The gearbox of your used Buggy should be opened up to check for gear wear and lubrication. A thin coat of grease is often used on internal gears and although this is fine for basic running around on the back yard, if you intend to race your Buggy at a higher level, this should be removed and replaced with racing oil (ZX1 or Teflon Oil). Of course, this should be reapplied after each race meeting.

Spur Gears
   Gears are a weakness on all Buggy RC models. Head on collisions can easily damage the gear teeth on nylon and plastic spur gears. Heavy impacts can also loosen the nuts or self tapping screws that hold the Electric Motor in Position, allowing the pinion gear to pull out of mesh slightly and rip the tops off the teeth on your spur gear. To minimise this possibility, fit bolts with locking nuts to the Electric Motor mount and remember to check them for security after every two or three runs.

   Ball joints always cause problems. For top level Electric Buggy racing, the plastic ball connectors should be checked and if deemed necessary changed after every meeting. A simple thing like a loose fitting connector popping off could easily end your race, so better safe than sorry.

Servo Gears
   The Bandit steering servo is also prone to damage. In high speed crash situations, the fragile gear teeth of the servo can be broken off, rendering your expensive servo useless, so be sure to obtain a good quality "Servo Saver". Check out my Servo Information article.

   If body roll on your Traxxas Bandit is a problem, handling can be improved with the use of stabilizers, anti roll or sway bars, stiffer tuning springs and, or, thicker silicone oil in the dampers.

Ball Bearings
   If your used Traxxas Buggy comes with plastic and sintered brass bushings (ring type bearings), check the shafts that run in them for wear. Dust and grit can get into these bearings and abrade the shafts. Therefore, you should replace them all with shielded ball bearings. If the model has been run with ring type bearings, you may have to change all the axles and driveshafts. For more information, take a look at my article, How to get the best from your Bearings.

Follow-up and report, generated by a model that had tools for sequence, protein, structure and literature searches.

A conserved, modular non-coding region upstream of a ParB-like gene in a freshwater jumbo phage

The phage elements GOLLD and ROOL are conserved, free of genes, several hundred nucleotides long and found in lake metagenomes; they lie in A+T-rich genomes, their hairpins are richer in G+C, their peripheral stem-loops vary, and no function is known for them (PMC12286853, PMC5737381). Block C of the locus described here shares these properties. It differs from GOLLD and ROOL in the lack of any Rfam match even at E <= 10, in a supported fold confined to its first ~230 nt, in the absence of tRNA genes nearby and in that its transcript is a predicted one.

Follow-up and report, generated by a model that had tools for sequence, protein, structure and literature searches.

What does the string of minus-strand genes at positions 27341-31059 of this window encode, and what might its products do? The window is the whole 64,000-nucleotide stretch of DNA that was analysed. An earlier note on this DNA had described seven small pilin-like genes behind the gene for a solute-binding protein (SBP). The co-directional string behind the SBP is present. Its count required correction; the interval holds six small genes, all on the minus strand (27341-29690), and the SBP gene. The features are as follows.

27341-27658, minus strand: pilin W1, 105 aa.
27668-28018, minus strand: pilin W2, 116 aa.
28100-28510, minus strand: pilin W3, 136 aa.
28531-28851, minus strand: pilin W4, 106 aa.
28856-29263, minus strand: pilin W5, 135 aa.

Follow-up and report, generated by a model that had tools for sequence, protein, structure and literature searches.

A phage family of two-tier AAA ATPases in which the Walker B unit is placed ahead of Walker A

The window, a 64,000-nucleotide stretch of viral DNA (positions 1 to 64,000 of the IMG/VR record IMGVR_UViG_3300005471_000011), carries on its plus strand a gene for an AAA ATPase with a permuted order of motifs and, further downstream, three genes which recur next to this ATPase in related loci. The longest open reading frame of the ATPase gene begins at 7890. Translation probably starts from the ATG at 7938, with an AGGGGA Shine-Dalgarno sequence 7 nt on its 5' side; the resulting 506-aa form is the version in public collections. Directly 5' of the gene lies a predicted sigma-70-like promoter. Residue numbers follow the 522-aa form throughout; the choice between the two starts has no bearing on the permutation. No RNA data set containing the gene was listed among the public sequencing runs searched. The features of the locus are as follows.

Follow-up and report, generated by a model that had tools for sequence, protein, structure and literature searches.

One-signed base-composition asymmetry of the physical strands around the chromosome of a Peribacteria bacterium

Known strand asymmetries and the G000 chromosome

Finally, good luck with your Bandit model and good racing.


For More on how to Setup your Buggy, check out my Hints and Tips page.


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Manufacturers and Brands Catalogued and Listed by RC-Scrapyard.


   At present, the RC Model Manufacturers, Brands and Distributors covered by us are: ABC Hobby, Academy, Acme Racing, Agama Racing, Amewi, Ansmann Racing, ARRMA, Team Associated, Atomic RC, Axial, AYK, Bolink, BSD Racing, Capricorn, Carisma, Carson, Caster Racing, Cen, Corally, Custom Works, Durango, Duratrax, ECX - Electrix, Exceed RC, FG Modellsport, FS-Racing, FTX, Fujimi, Gmade, GS-Racing, Harm, HBX, Helion, Heng Long, Himoto Racing, Hirobo, Hitari, Hobao, Hong-Nor, Hot Bodies, HPI, HSP, Intech, Integy, Jamara, JQ Products, Kawada, Kyosho, Losi, LRP, Maisto, Mardave, Marui, Maverick, MCD Racing, Megatech, Mugen, New Bright, Nichimo, Nikko, Nkok, Ofna, Pro-Pulse, Protech, PTI, RC4WD, Redcat Racing, RJ-Speed, Robitronic, Schumacher, Seben, Serpent, Smartech, Sportwerks, Step-Up, Tamiya, Team-C Racing, Team Magic, Thunder Tiger, Tomy, Top Racing, Traxxas, Trinity, Tyco, Vaterra RC, Venom, VRX Racing, WLToys, X-Factory, Xmods, Xpress, Xray, XTM, Yankee RC, Yokomo, ZD Racing and Zipzaps.

   This is an ongoing project, with new and "lost in time" RC Model Brands being added as they are found and although most of those listed above have been covered in relative detail, some are still being researched and will be completed in the near future.





















★ Traxxas Bandit ★
Traxxas Bandit


Hints and Tips

Soldering

   In the sport of Radio Controlled racing, there are a number of things you have to learn to get you up there with the best. One of the most difficult, for those with little practical skill, is the art of Soldering.